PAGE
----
Breakfast: Omelette with eggs, cheese and selected vegetables as desired (e.g. mushrooms, tomatoes, bell peppers)
Lunch: Sandwich on wholegrain bread with cottage cheese, lettuce, tomato, grated carrot, cucumber
Dinner: Pasta with vegetarian sauce, or try a ready-made Kebab briyani meal from Arlene
Breakfast: Rolled oats or granola with milk and bananas or berries
Lunch: Sandwich on wholegrain bread with egg, cheese, lettuce, tomato, alfalfa sprouts, beetroot, or try an instant meal option with Arlene’s plant-based readymade Dan Dan Noodles with their spring rolls.
Dinner: Roast vegetables with tofu and couscous or Arlene’s Chili Sin Carne with Rice which comes ready made with veggies, garlic and red chili in a zesty tomato sauce. Delicious!
Breakfast: Wholegrain toast with coconut spread or poached eggs with toast
Lunch: Japanese Ramen with seaweed and mushroom fungus.
Dinner: Spaghetti Carbonara with an alternative meat mince product or plant-based ready-made cuisine like Arlene’s Spaghetti Bolognese.
Fruit, seeds, nuts, fresh veggies, readymade plant-based snacks like Arlene Siew Mai, Gyoza, Kibbehs or Spring Rolls, whole grain crackers and bread with cheese or coconut or sugar-free kaya spreads.
If the flexitarian diet centred on plant foods with the occasional inclusion of animal products isn’t quite you, but a dietary variation around the reduction of meat and dairy or a diet with more focus on the sustainable and ethical sourcing of animal products in particular, then one of these recent additions to the Urban Dictionary maybe what you are actually following:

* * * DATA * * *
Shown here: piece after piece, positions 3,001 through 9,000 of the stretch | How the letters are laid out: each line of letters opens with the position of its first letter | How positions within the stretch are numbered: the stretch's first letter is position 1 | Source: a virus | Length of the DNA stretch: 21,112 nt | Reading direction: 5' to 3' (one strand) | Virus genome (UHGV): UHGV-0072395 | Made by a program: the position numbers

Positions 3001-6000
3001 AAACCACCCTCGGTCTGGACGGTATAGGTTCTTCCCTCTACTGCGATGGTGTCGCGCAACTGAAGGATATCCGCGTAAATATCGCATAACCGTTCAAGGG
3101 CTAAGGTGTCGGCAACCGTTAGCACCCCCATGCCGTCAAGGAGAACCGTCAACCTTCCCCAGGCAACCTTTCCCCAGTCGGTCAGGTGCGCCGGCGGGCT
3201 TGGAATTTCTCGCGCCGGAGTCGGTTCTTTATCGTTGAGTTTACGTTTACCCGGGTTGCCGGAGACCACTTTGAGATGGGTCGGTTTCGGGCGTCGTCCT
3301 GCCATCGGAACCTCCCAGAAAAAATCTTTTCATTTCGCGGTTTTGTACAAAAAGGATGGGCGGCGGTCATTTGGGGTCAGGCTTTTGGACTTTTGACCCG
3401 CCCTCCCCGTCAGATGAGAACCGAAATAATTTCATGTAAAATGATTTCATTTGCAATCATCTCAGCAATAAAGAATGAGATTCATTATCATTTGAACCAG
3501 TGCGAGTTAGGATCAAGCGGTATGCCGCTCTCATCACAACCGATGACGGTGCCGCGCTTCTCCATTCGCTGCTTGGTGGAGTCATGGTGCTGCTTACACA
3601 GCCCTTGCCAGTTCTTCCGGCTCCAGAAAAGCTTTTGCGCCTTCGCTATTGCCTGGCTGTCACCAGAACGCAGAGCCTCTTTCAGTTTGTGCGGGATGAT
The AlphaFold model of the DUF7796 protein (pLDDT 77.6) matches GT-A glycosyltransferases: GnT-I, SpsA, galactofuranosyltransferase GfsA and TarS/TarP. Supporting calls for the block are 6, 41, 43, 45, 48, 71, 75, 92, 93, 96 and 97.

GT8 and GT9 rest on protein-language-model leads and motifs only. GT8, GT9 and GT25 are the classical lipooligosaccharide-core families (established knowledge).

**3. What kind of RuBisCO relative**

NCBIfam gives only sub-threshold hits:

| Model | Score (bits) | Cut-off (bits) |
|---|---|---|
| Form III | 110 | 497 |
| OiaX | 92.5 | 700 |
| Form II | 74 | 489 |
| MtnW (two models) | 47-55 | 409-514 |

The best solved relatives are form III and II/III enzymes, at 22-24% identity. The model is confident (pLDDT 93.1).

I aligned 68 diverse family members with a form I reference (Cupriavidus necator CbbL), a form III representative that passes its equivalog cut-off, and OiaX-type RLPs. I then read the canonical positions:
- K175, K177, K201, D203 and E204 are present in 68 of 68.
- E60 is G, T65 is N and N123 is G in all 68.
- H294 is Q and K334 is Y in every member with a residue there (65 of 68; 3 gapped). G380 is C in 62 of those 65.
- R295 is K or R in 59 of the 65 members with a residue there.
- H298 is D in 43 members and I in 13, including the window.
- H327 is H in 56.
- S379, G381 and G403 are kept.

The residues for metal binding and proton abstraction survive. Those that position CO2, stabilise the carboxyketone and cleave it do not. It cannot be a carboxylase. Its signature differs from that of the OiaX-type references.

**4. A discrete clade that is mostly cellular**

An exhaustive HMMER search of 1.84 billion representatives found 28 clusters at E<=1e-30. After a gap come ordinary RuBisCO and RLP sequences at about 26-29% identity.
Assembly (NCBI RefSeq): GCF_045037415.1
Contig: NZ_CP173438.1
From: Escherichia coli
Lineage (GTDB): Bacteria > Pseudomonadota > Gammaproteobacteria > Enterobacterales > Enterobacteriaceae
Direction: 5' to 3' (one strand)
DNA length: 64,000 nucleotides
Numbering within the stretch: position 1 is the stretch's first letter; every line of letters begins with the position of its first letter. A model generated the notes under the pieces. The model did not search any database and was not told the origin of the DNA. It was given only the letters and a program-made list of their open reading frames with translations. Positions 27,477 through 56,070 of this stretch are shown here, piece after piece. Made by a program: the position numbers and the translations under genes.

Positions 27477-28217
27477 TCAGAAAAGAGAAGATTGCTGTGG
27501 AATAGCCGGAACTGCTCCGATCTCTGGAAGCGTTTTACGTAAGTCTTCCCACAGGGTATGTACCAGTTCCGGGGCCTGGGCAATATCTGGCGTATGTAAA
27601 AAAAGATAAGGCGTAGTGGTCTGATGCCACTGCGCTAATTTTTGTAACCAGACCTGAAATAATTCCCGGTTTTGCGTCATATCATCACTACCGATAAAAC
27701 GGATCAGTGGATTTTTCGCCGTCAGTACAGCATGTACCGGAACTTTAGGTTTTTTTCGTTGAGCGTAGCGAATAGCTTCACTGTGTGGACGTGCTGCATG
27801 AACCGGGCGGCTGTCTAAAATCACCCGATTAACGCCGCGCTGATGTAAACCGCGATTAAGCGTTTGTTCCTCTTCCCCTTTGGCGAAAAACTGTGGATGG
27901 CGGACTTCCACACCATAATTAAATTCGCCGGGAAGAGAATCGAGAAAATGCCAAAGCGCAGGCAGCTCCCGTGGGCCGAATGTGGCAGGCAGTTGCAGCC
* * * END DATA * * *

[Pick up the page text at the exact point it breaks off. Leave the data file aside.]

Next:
Reducetarian: Someone who reduces their meat consumption. So if you have been an omnivore all your life and are starting to think about becoming a vegetarian but aren’t quite one yet, and you find you are starting to cut down on meat for reasons of personal taste preference or animal kindness or being planet-friendly you are a reducetarian.
Veggievore: An individual who is not a vegetarian and who does eat meat, but who aspires to ensuring he or she does not eat meat or dairy products which could be considered as harmful to the environment or cause unnecessary suffering to animals.
Sustainatarian: A person who eats a mostly plant-based diet with occasional sustainable meat, meaning that it is locally and humanely raised.
Climatarian: On a similar trend is the climatarian diet – choosing what you eat based on minimising carbon footprint. Simple choices while food shopping can have a huge impact on the environment, and – depending on where you live – selecting produce that has been grown or reared in your own country may be easier than you think. In addition, the climatarian focuses on reducing waste by buying no more than needed and making the most of leftovers.
So, are you a Flexitarian, or one of the above? Let us know if you are trying out a Flexitarian diet and any tips or recipes you may have discovered!